Fight library privatisation in Birmingham

On 3 September the new £188m Library of Birmingham is due to open. Its arrives in the wake of £2.1m worth of cuts to community libraries issued by Birmingham’s Labour council in 2012-13, which have seen opening hours shortened by 9.5% and a 37% cut to paid library staff - with volunteers expected to make up for the shortfall. Yet before its gates have even opened, the Labour city council has made plans to privatise the running of the new library.

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Wythenshawe opposes the bedroom tax

Labour Manchester City Council has once again voted a multi-million pound Wythenshawe in Manchester was once the biggest council housing estate in Europe. Under Labour, those council houses remaining after ‘Right to buy’ were handed over to two housing associations, Parkway Green and Willow Park. Parkway Green has told tenants deemed to be ‘under-occupying’ their homes that ‘you will have to pay Parkway Green the difference to make up your rent or your home could be at risk.’ FRFI organised a Smash the Bedroom Tax meeting in the estate on 28 February out of which came Wythenshawe Smash the Cuts. Sam Knowles explains why she decided to get involved:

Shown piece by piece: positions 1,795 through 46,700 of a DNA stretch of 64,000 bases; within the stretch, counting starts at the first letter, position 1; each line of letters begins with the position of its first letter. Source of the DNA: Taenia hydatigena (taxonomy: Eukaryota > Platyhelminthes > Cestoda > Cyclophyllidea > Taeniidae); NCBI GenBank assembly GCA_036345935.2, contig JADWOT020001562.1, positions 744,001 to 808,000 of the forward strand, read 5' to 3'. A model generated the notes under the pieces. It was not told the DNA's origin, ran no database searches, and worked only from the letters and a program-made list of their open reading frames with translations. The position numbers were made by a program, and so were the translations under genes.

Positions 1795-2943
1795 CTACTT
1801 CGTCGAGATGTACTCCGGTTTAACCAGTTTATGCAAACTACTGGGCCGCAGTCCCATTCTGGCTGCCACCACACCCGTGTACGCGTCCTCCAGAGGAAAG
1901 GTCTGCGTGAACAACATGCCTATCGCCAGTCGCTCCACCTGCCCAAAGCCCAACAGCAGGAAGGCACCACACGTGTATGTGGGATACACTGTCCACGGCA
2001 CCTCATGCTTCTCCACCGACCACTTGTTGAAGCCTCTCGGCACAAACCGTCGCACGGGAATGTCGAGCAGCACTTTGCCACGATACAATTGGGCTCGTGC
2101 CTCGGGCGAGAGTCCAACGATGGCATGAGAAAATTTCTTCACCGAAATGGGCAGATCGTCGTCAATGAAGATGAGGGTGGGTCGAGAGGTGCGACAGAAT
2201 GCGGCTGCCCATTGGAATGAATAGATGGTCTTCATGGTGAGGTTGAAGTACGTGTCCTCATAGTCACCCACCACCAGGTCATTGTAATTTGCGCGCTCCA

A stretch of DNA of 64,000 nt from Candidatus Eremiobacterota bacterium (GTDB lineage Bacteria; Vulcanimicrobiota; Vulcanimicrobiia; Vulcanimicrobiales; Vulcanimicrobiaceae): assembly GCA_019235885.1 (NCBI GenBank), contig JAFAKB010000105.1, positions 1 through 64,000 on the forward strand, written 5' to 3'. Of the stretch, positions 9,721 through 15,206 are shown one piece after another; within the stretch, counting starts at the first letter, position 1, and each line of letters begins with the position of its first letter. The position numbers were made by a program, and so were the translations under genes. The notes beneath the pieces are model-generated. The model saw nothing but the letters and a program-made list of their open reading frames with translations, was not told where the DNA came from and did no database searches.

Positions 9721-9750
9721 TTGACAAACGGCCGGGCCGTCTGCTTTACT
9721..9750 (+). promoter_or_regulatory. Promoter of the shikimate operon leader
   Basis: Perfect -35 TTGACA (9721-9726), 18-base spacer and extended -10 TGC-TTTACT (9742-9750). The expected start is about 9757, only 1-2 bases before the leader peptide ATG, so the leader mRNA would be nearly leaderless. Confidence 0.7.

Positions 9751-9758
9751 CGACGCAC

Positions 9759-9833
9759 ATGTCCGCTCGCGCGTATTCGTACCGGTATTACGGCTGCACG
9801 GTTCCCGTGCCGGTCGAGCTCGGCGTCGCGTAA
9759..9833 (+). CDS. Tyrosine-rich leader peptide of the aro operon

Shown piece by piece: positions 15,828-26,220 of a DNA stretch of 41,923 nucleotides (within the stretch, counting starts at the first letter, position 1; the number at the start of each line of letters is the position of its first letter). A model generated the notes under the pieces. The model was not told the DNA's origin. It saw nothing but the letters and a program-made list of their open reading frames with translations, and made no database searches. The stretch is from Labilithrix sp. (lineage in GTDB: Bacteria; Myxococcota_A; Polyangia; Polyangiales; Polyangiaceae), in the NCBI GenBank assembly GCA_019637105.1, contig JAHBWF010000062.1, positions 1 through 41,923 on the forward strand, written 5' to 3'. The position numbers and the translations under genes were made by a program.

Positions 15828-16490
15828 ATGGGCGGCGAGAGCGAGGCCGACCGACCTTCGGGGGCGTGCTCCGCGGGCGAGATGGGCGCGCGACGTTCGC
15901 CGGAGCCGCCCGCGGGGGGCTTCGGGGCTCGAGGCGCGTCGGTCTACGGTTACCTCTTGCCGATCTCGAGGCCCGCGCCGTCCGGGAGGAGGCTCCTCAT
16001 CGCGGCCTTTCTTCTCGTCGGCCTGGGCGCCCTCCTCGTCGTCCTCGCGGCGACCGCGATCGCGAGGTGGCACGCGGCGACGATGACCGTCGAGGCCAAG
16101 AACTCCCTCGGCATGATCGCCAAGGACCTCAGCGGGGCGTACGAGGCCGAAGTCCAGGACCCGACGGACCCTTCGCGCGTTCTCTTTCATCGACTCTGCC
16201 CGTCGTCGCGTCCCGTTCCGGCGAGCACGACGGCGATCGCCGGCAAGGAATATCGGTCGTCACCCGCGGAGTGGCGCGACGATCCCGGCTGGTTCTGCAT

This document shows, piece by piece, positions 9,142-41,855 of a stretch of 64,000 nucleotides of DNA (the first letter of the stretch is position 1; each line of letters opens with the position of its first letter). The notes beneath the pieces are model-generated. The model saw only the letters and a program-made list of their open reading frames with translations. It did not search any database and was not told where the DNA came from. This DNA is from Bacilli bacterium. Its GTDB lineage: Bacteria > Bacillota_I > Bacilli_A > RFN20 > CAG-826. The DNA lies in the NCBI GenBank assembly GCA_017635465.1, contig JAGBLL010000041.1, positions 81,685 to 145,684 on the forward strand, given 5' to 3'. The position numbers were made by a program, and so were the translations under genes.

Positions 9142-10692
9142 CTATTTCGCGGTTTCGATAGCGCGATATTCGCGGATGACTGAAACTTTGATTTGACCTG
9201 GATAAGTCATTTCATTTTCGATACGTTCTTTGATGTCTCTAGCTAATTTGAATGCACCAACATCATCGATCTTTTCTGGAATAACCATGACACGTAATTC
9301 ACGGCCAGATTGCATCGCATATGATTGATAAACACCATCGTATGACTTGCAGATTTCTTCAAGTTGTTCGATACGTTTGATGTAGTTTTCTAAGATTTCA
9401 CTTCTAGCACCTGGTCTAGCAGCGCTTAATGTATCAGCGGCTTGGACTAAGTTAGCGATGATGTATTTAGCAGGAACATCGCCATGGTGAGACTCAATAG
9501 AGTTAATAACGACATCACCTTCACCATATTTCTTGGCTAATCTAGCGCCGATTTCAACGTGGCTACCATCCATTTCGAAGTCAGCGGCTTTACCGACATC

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Glasgow: Police ratchet up repression

Glasgow Against Atos (GAA) has been stepping up its campaign for scrapping both the Work Capability Assessment and the Department of Work and Pensions’ contracts with Atos. Such has been its success that the Scottish Daily Mail has ‘exposed’ the GAA as a violent left-wing conspiracy! As the campaign has developed so the Strathclyde Police has increased its monitoring and harassment. On 22 February, over 50 cops were involved in trying to close down a protest against Atos, arresting two campaigners, both members of FRFI, one for using a megaphone, and the other for allegedly trying to liberate a prisoner from custody. Both were released following protest phone calls to the police station where they were being held and were given bail conditions banning them from protests in Glasgow city centre.

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No ifs, no buts – PCS leaders collaborate with cuts